Roche said this week that the US Food and Drug Administration has cleared its Cobas 4800 HPV test for the company's Cobas 4800 system.
Cobas 4800 HPV is a qualitative in vitro test to detect HPV in patient specimens. The test uses PCR amplification of target DNA and nucleic acid hybridization to detect 14 high-risk HPV types in a single analysis to identify women who are at greatest risk for developing cervical cancer. It is the only cervical cancer screening test approved by the FDA that allows HPV 16 and 18 genotyping concurrently with high-risk HPV testing.
HPV 16 and 18 are the two highest-risk HPV genotypes and are responsible for more than 70 percent of cervical cancer cases, Roche said. In addition to identifying genotypes 16 and 18, the Cobas HPV Test simultaneously detects 12 other high-risk HPV genotypes.
Current guidelines for screening allow for either cytology alone or cytology with HPV testing to determine cervical cancer risk. HPV testing, and in particular 16 and 18 genotyping, identifies more women at risk for cervical cancer earlier than Pap cytology testing by itself. In the US, 55 million Pap smears are performed each year.
FDA's clearance was based on data from Roche's Athena study of more than 47,000 women in the US. Data from the study show that 10 percent of women age 30 and older who tested positive for HPV 16 and/or 18 by the cobas HPV Test had cervical pre-cancer, although Pap smears indicated normal results (PCR Insider, 7/8/10).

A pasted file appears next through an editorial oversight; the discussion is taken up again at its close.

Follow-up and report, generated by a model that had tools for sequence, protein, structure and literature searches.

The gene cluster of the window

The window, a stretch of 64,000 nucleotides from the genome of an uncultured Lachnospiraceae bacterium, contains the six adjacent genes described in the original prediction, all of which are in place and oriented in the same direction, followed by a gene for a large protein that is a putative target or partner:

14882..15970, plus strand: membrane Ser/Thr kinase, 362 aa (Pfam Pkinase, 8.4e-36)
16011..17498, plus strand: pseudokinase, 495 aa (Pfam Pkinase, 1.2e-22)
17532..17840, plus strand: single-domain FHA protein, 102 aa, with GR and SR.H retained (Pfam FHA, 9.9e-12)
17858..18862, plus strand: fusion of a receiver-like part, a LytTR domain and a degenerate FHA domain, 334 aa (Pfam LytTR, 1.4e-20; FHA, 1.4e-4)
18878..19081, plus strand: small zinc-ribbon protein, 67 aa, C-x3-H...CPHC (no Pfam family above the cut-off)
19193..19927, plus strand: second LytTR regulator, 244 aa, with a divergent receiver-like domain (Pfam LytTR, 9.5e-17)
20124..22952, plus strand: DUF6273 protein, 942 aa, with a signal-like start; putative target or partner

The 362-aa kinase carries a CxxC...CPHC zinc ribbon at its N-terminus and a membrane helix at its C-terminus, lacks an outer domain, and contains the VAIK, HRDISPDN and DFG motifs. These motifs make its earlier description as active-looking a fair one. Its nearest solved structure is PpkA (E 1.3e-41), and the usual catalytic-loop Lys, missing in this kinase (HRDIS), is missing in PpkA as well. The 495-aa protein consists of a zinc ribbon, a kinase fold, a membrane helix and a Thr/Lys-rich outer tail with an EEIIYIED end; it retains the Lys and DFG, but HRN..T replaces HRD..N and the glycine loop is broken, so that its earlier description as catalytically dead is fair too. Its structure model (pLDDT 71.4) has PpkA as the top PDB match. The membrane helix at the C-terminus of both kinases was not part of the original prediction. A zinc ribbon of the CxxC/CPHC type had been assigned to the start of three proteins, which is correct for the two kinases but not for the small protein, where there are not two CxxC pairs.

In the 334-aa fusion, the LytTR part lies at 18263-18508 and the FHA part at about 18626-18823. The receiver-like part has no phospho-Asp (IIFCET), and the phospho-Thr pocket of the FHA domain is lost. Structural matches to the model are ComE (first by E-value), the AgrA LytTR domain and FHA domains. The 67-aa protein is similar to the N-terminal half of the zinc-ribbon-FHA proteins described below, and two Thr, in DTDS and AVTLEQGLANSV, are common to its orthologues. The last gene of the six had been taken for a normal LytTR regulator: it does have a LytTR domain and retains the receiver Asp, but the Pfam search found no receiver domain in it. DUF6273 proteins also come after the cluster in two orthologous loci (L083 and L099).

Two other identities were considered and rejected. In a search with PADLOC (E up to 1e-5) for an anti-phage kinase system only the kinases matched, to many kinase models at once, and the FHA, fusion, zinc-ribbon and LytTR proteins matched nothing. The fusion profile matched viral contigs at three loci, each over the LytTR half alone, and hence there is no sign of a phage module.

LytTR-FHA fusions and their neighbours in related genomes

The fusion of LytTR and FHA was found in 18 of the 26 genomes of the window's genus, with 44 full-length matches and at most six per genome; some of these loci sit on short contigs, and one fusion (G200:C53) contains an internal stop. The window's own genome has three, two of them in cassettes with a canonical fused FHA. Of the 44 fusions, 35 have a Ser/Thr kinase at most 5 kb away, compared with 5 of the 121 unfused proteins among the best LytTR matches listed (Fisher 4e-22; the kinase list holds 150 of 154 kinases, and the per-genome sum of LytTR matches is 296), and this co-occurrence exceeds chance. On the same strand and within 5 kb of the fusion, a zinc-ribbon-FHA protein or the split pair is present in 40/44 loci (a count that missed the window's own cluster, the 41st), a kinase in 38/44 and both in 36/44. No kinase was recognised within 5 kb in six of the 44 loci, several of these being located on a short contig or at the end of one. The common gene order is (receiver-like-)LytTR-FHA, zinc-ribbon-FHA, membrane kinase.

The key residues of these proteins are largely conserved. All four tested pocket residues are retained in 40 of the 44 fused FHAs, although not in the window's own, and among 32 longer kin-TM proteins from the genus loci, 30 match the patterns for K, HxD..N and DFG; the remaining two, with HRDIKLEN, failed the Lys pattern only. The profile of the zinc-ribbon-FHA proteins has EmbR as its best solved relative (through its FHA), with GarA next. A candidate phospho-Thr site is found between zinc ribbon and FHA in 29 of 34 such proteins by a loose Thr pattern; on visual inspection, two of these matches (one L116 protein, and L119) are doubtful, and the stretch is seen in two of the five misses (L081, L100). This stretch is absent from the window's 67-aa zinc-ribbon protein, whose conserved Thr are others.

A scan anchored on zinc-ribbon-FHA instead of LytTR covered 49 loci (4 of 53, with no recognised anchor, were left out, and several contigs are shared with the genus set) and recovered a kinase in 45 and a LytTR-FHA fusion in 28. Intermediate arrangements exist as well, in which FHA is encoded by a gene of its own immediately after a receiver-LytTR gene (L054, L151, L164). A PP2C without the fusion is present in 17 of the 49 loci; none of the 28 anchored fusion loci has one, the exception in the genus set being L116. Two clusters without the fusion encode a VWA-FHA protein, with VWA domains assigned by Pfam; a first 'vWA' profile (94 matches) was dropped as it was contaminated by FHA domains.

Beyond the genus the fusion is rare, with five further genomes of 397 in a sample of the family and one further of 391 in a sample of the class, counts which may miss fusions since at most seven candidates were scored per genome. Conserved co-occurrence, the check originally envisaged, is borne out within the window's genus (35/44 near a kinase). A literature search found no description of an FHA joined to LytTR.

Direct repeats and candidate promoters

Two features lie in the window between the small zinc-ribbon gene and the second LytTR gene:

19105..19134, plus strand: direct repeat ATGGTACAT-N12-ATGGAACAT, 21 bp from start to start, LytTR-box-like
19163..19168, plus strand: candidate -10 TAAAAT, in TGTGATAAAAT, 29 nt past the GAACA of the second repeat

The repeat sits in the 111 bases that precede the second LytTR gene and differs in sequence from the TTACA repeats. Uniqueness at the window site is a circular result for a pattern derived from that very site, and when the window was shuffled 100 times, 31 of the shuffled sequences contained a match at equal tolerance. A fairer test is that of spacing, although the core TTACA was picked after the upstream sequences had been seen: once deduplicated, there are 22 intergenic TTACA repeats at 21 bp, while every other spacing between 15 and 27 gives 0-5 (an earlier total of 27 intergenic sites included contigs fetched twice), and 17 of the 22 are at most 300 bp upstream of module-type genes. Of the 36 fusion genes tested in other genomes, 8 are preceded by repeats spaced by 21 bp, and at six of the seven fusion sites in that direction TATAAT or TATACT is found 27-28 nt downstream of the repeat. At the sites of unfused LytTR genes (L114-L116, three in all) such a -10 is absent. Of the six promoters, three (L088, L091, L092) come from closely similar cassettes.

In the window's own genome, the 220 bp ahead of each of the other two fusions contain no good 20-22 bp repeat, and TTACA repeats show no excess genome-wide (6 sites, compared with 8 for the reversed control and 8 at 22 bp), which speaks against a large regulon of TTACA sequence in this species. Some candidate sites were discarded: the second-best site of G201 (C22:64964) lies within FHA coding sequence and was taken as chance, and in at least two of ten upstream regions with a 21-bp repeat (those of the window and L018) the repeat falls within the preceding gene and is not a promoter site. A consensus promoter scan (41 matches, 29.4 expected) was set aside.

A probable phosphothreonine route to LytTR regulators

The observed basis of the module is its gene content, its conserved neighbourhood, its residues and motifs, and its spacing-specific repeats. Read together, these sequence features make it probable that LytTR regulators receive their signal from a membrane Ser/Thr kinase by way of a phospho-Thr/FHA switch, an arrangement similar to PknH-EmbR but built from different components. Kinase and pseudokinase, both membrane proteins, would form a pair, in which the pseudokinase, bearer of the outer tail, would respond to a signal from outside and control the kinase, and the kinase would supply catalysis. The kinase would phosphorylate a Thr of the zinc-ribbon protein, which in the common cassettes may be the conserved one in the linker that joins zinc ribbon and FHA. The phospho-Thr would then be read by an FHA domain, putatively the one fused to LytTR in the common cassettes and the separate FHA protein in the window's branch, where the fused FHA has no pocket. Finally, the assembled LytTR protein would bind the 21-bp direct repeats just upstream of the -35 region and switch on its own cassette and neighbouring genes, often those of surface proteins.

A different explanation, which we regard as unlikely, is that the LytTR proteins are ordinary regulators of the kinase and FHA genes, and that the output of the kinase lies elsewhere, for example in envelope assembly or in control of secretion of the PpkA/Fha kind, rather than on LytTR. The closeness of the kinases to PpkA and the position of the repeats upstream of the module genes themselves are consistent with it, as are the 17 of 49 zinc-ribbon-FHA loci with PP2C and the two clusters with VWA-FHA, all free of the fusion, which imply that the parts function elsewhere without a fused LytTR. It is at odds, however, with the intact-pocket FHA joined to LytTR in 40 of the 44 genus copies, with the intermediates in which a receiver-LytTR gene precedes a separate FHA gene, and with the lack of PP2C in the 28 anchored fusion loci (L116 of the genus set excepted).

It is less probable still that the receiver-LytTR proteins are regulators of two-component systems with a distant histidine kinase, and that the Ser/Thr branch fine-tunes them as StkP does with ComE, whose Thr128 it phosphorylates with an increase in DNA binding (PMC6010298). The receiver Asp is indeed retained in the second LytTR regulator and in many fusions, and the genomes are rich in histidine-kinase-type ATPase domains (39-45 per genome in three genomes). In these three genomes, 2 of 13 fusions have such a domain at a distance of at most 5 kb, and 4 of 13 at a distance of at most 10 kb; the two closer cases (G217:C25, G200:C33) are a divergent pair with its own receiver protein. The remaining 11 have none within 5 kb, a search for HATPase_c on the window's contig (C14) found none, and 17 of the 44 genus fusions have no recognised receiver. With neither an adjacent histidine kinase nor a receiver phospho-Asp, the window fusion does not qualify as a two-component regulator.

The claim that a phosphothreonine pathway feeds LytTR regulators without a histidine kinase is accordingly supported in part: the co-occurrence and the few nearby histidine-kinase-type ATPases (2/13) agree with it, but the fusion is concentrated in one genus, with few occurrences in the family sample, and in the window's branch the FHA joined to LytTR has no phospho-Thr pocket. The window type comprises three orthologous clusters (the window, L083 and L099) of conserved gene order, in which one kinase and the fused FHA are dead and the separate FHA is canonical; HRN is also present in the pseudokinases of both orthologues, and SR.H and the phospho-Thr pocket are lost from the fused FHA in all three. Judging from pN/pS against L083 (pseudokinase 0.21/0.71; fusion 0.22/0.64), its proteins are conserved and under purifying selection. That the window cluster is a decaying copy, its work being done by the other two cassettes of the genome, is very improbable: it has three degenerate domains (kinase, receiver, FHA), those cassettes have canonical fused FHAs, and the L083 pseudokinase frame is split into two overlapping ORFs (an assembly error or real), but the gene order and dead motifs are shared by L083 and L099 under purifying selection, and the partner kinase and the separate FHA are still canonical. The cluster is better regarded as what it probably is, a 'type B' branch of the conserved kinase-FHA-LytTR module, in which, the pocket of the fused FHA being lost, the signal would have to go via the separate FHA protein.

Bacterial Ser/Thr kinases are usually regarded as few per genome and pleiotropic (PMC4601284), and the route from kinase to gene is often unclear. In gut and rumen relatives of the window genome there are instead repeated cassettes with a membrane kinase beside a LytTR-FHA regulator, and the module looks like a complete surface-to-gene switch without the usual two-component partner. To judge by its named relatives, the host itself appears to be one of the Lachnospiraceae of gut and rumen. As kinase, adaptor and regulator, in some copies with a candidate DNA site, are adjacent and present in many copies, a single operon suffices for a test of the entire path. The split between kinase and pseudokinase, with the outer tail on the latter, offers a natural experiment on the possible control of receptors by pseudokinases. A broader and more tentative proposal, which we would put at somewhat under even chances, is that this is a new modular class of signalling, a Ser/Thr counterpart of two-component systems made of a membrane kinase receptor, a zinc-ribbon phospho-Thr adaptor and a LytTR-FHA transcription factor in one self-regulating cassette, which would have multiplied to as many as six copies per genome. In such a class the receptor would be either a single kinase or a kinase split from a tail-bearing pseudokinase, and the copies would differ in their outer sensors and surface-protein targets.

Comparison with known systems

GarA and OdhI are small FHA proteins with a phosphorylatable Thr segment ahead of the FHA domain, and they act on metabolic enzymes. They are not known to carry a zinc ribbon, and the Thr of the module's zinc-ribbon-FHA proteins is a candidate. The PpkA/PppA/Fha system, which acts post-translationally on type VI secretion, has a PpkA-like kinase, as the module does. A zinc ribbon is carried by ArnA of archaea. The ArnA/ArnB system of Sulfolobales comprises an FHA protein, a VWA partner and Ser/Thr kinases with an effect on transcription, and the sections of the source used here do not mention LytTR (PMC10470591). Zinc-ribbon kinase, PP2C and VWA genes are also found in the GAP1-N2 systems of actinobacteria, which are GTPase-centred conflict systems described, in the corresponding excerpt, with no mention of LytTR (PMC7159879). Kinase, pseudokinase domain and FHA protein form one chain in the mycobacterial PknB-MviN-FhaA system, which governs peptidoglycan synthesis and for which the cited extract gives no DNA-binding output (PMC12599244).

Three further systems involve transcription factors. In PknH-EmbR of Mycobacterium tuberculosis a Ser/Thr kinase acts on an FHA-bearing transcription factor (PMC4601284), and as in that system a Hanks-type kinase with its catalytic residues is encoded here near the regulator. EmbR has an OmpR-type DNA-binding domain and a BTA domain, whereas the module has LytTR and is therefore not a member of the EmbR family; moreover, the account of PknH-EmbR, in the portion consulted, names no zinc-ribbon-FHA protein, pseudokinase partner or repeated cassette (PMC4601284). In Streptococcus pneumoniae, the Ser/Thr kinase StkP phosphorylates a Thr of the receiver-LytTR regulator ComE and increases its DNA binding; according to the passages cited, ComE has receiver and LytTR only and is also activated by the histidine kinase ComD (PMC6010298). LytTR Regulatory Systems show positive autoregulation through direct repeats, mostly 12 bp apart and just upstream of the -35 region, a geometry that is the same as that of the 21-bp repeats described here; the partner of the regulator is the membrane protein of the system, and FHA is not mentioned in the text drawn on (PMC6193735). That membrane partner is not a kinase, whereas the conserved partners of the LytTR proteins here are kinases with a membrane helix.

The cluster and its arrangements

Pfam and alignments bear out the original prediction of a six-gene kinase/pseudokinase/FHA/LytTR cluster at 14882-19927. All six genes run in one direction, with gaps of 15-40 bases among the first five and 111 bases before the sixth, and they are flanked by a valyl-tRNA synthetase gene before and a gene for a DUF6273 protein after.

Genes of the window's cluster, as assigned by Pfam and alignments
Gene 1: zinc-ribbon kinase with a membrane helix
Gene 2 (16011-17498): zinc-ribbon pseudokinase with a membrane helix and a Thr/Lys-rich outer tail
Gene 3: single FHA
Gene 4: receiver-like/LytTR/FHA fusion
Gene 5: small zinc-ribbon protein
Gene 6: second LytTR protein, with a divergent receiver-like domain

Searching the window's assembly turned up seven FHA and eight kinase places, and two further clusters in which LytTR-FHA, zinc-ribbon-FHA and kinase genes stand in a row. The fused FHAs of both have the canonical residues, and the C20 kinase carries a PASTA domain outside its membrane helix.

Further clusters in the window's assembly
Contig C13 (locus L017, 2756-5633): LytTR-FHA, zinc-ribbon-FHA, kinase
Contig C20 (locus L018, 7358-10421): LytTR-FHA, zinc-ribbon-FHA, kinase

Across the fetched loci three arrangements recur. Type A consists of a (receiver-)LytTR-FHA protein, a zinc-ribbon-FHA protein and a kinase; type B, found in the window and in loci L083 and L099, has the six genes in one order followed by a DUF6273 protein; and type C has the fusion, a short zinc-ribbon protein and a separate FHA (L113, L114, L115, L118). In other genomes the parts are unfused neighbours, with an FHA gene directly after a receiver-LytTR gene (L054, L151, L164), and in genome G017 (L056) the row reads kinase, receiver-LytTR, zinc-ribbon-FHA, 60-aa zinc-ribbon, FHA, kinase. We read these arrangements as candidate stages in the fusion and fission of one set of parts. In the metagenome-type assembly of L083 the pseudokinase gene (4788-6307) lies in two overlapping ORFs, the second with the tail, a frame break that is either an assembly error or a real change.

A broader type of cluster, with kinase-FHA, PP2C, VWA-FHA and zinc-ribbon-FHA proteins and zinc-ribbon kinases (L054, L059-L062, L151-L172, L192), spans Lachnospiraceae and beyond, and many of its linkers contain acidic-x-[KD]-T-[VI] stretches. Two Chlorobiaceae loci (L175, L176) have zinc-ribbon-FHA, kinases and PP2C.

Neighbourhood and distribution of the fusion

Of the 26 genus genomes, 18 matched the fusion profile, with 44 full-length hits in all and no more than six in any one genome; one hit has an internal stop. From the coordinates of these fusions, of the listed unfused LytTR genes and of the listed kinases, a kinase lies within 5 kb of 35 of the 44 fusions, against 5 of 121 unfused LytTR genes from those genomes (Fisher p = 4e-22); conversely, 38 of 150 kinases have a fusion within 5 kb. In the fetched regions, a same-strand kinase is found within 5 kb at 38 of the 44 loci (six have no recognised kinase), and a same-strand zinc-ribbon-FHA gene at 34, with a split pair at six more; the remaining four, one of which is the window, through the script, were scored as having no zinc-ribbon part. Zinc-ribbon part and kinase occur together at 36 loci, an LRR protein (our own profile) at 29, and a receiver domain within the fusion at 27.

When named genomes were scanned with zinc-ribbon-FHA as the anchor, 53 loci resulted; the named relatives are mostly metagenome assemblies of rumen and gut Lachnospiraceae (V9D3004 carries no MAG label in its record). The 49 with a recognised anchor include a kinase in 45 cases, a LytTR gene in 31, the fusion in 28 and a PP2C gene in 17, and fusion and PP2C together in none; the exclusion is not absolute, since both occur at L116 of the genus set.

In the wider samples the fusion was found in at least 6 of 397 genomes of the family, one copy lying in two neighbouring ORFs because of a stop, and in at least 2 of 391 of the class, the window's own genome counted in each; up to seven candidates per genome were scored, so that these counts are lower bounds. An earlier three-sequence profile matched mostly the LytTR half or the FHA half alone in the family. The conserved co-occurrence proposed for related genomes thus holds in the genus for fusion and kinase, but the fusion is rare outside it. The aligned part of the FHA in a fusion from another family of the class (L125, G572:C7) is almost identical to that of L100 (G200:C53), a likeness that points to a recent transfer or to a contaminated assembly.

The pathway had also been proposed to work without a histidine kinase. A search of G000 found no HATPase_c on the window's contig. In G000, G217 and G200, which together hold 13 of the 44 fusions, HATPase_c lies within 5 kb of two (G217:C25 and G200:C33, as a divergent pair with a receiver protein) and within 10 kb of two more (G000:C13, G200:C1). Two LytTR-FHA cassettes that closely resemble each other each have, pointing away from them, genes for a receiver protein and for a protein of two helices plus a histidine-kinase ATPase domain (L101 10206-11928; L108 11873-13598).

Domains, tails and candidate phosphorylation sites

The US Food and Drug Administration has approved Gen-Probe's Aptima Trichomonas vaginalis assay for the company's automated Tigris platform, Gen-Probe said this week.
The assay is the first nucleic acid amplification test cleared specifically for Trichomonas vaginalis, the most common curable sexually transmitted infection in the US, where 7.4 million men and women are infected annually, Gen-Probe said, citing statistics from the US Centers for Disease Control and Prevention.
The company added that current screening methods for trichomonas such as culture methods are limited by sensitivity and slow turnaround times.
Gen-Probe's assay uses the same technology as the company's Aptima Combo 2 assay: target capture for the in vitro qualitative detection and differentiation of ribosomal RNA. The test can be used on endocervical or vaginal swabs collected by clinicians; urine; and specimens collected in PreservCyt solution from asymptomatic as well as symptomatic women.